For anyone who cherishes the principles that led Britain to reject Hitler's offer to safeguard the Empire and in the end voluntarily sacrifice it to finally go to war, the idea of China's communists using this year's Olympics as a huge propaganda victory must cause dismay. Nineteen years after students were mowed down by the People's Liquidation Army in the centre of the city awarded the honour of hosting the Games, the country still remains a fascist, totalitarian regime that aims missiles at democratic Taiwan to blackmail them, brutally occupies Tibet, ignores any idea of a rule of law to steal land from peasants whilst making their air unbreathable and water undrinkable, throws the elderly out of their houses to have them demolished for skyscrapers and Olympic stadia, subsidises Sudanese genocide and Mugabe's dictatorship and prevents my students from simply logging into Wikipedia or the BBC news.
Such is the regime that Churchill's latest successor visited last week where he seemed more interested in getting the Chinese to import pig trotters from Old Blighty than bothering to make the merest reference to human rights. In fact he jumped at the chance to accept the invitation to the Games' opening ceremony. There he will join other world leaders.
But he won't be joined by the Prince of Wales.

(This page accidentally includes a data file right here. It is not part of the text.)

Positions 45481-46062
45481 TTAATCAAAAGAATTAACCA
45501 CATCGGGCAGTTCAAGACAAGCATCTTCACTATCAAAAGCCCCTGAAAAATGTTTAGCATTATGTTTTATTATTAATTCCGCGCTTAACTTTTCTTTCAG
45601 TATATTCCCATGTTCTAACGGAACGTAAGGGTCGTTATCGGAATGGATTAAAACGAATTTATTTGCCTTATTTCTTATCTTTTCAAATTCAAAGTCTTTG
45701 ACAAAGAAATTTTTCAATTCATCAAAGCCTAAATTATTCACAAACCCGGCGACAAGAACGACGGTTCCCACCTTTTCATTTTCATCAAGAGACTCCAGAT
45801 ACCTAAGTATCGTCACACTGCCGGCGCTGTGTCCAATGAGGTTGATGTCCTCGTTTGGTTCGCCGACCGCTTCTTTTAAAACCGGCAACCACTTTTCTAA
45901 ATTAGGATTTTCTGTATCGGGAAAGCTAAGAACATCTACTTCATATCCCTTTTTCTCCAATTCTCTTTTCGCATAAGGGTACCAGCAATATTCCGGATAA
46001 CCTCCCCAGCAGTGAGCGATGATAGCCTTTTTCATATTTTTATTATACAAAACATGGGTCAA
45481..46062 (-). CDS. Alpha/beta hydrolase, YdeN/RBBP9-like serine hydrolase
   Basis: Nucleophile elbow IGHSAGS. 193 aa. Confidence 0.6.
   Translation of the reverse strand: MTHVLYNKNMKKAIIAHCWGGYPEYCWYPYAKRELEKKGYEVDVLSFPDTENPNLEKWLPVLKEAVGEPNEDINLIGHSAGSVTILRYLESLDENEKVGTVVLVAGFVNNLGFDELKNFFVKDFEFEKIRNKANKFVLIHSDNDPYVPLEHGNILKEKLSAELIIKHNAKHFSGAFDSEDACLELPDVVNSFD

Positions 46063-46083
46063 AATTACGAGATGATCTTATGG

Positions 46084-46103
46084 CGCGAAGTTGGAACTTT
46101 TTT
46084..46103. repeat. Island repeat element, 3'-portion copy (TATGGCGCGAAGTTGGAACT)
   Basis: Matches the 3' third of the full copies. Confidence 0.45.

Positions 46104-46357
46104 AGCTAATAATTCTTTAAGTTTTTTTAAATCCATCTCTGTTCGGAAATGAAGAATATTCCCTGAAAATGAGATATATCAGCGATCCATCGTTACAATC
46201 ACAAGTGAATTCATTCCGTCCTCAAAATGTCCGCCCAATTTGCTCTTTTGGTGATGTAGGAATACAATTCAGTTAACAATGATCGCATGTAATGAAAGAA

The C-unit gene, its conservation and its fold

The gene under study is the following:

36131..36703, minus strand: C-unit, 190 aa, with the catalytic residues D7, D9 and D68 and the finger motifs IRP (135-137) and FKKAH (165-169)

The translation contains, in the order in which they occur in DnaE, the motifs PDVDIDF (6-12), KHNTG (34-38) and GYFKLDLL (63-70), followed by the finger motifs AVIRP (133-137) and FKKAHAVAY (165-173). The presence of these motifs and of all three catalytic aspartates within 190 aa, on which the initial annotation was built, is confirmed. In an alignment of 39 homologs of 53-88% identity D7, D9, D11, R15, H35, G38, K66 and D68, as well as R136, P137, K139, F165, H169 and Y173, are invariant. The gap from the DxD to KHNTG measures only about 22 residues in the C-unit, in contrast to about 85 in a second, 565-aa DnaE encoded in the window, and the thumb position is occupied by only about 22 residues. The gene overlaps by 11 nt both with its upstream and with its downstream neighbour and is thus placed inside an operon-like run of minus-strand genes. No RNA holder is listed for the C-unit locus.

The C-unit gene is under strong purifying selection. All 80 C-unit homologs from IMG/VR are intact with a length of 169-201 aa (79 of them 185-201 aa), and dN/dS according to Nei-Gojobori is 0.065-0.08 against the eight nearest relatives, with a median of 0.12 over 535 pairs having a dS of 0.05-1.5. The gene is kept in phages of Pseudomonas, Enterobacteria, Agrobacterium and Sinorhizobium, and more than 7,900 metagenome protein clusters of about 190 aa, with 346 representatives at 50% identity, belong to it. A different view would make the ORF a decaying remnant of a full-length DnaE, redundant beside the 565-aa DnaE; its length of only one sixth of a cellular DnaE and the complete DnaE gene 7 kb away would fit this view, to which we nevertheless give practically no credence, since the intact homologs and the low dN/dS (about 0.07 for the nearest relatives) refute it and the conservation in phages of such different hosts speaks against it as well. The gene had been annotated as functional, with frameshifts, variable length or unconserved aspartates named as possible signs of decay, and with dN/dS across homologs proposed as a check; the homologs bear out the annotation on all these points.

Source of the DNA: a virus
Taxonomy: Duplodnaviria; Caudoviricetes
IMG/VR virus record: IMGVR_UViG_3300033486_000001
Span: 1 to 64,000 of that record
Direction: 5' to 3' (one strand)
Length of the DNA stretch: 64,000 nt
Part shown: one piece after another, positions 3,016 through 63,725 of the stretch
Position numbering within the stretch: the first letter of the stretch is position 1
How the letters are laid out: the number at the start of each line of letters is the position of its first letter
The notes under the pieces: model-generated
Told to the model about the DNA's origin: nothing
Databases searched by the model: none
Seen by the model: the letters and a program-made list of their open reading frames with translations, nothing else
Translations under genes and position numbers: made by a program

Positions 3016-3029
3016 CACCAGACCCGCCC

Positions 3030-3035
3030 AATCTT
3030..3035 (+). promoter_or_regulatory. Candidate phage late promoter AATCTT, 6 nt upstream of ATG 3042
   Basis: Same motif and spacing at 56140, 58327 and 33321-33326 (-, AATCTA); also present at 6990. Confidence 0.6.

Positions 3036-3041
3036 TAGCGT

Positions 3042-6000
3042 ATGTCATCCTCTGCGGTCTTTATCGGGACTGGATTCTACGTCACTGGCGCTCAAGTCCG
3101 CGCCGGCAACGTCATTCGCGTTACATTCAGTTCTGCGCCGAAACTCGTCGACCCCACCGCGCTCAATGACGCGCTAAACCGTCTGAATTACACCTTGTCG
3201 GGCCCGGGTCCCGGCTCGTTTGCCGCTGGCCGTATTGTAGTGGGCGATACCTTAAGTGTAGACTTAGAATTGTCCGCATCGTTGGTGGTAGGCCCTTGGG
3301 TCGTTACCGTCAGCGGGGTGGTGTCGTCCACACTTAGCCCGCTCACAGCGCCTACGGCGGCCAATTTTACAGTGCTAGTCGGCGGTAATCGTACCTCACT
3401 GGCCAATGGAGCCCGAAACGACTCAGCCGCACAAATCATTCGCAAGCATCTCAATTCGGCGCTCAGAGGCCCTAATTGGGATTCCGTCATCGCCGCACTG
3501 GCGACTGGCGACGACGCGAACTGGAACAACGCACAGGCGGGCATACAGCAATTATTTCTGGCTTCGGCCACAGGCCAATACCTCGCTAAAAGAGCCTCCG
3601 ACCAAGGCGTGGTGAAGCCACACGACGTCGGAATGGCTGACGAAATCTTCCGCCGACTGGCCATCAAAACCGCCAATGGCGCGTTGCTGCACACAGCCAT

In a letter to the Free Tibet Campaign, Charles' deputy private secretary Clive Alderton wrote
As you know, His Royal Highness has long taken a close interest in Tibet and indeed has been pleased to meet His Holiness the Dalai Lama on several occasions.The Prince has long been known to be a champion for Tibet and an admirer of the Dalai Lama, forced into exile since 1959. At Clarence House six years ago he received two nuns who had been tortured in the Drapchi prison in Lhasa, so one can understand his support.
You asked if the Prince of Wales would be attending the opening ceremony of the Beijing Olympics in 2008. His Royal Highness will not be attending the ceremony.
Many here will remember Charles' reported antipathy to the regime leaders, whom he referred to in his leaked diaries written during the Hong Kong handover as "appalling old waxworks". And yet this is a man who at the same time actively works through his Prince's Trust-type charities with the Chinese on urban regeneration projects. I myself have seen how they improve the lives of the particularly vulnerable, such as the old forced to live in traditional hutongs heated by coal, with poor insulation and erratic water supply, forced to walk a block to the communal toilets which are little more than holes in the ground without even a partition between stalls in many.
A man who refuses to accommodate injustice while still showing a willingness to engage. Qualities few of our politicians have shown an interest in displaying for some time.